New medical technique may treat atrial fibrillation

August 8, 2011

Medications can help but often stop working after a while. Doctors now have a new tool to help get these hearts back on track.

Michael Young has lived with atrial fibrillation since the 1990s. His racing, irregularly-beating heart would come and go.

"Sometimes, it was when I was exercising. Sometimes, it's late at night," Young said.

It would leave him dizzy and short of breath, but that wasn't what bothered him most.

"For me, the worst thing has been this kind of psychological thing," he said.

The fact that atrial fibrillation increases the risk of stroke kept Young up at night. Dr. Doug Packer, a cardiac electrophysiologist at the Mayo Clinic in Rochester, Minn., says medications can help, but they often stop working or have side effects. Patients need more options.

"If a patient's heart is beating rapidly and irregularly, it is incredibly obnoxious. It is, in fact, a real hit on their quality of life," Packer said.

He's now using a new technique to fix the problem. First, a catheter is threaded up to veins in the heart, and a balloon is inflated. That balloon is cooled rapidly, which creates a freezing zone around the opening of the vein.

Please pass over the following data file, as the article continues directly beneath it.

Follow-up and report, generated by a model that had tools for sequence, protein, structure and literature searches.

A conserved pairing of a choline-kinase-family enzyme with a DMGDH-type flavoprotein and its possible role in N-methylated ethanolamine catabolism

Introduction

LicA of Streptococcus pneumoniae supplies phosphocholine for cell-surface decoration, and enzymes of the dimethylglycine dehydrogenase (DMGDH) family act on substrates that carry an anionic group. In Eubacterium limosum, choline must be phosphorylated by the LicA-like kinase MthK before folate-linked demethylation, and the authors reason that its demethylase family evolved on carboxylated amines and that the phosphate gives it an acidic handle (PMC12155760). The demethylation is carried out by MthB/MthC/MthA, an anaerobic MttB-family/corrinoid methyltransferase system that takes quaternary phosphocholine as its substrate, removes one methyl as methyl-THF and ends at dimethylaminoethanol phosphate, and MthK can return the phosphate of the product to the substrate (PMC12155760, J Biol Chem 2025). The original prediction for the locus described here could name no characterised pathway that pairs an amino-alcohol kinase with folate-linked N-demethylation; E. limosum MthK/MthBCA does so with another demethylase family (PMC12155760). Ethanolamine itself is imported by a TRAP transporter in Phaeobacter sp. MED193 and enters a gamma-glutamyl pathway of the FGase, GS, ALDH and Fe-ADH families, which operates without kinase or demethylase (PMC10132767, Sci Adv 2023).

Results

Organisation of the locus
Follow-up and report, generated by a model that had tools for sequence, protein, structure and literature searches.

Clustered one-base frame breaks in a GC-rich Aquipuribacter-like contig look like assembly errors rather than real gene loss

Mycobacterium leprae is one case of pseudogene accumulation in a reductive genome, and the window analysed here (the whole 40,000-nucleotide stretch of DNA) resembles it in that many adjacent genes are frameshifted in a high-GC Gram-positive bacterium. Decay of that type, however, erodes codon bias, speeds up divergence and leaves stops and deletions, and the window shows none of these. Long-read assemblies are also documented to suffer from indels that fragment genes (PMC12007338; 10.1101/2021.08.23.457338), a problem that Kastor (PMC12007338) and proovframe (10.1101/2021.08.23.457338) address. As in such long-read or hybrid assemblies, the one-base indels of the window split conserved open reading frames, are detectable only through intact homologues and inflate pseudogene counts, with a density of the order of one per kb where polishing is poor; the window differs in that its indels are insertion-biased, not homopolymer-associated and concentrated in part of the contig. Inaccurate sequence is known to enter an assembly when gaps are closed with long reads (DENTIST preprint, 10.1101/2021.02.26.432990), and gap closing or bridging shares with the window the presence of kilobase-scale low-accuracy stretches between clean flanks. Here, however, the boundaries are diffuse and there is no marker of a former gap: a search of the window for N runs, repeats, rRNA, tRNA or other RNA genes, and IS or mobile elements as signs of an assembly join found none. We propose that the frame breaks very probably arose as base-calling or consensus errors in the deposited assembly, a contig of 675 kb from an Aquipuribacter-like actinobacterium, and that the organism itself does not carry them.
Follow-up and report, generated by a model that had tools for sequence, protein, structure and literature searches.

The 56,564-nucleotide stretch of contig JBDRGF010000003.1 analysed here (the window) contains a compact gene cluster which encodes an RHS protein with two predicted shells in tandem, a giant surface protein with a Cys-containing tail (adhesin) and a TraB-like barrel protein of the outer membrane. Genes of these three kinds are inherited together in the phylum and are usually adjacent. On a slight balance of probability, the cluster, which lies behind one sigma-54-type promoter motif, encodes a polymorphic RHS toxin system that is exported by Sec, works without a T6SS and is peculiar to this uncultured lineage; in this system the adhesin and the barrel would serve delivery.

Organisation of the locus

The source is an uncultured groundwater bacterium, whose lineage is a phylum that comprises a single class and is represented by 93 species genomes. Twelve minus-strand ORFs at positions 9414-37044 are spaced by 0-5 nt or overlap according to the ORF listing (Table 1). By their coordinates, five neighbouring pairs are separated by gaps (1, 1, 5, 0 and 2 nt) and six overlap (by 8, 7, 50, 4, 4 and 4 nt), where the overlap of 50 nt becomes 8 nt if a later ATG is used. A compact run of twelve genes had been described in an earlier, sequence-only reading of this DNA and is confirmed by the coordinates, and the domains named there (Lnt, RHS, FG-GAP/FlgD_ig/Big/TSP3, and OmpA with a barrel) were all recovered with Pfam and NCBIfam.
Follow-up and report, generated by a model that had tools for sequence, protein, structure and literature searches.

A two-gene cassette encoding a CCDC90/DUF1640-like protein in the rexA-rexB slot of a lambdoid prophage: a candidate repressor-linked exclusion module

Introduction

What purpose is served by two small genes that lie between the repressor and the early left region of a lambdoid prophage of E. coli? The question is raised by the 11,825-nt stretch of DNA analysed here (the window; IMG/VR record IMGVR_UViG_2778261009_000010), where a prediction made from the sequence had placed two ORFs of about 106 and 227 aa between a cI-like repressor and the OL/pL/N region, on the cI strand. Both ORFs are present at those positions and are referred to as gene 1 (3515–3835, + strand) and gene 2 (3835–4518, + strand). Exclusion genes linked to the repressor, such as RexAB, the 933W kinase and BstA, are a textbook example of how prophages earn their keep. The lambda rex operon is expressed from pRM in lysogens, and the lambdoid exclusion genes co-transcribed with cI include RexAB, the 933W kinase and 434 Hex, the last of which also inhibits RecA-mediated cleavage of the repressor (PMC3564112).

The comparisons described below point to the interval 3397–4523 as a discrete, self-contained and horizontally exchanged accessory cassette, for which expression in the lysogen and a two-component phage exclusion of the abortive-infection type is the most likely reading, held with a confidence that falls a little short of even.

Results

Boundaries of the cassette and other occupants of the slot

"If we can block off the electrical conduction from inside the vein to the rest of the heart, we can be successful in eliminating atrial fibrillation," Packer said.

Study results show a 70 percent success rate.

"It's the first time that this kind of an approach has been used to eliminate atrial fibrillation. If they are in the 70 percent where it works, the results are dramatic," Packer said.

Michael was in that 70 percent.

"A month now after the procedure, things are pretty quiet down there," Young said. Now, he can focus on his work and stop worrying about his heart.

The best candidates for this treatment, which is a form of ablation, are people who have atrial fibrillation that comes and goes with little underlying heart disease. Often, this new catheter procedure can fix the problem with just a single treatment, but doctor packer says sometimes a second treatment needs to be done.

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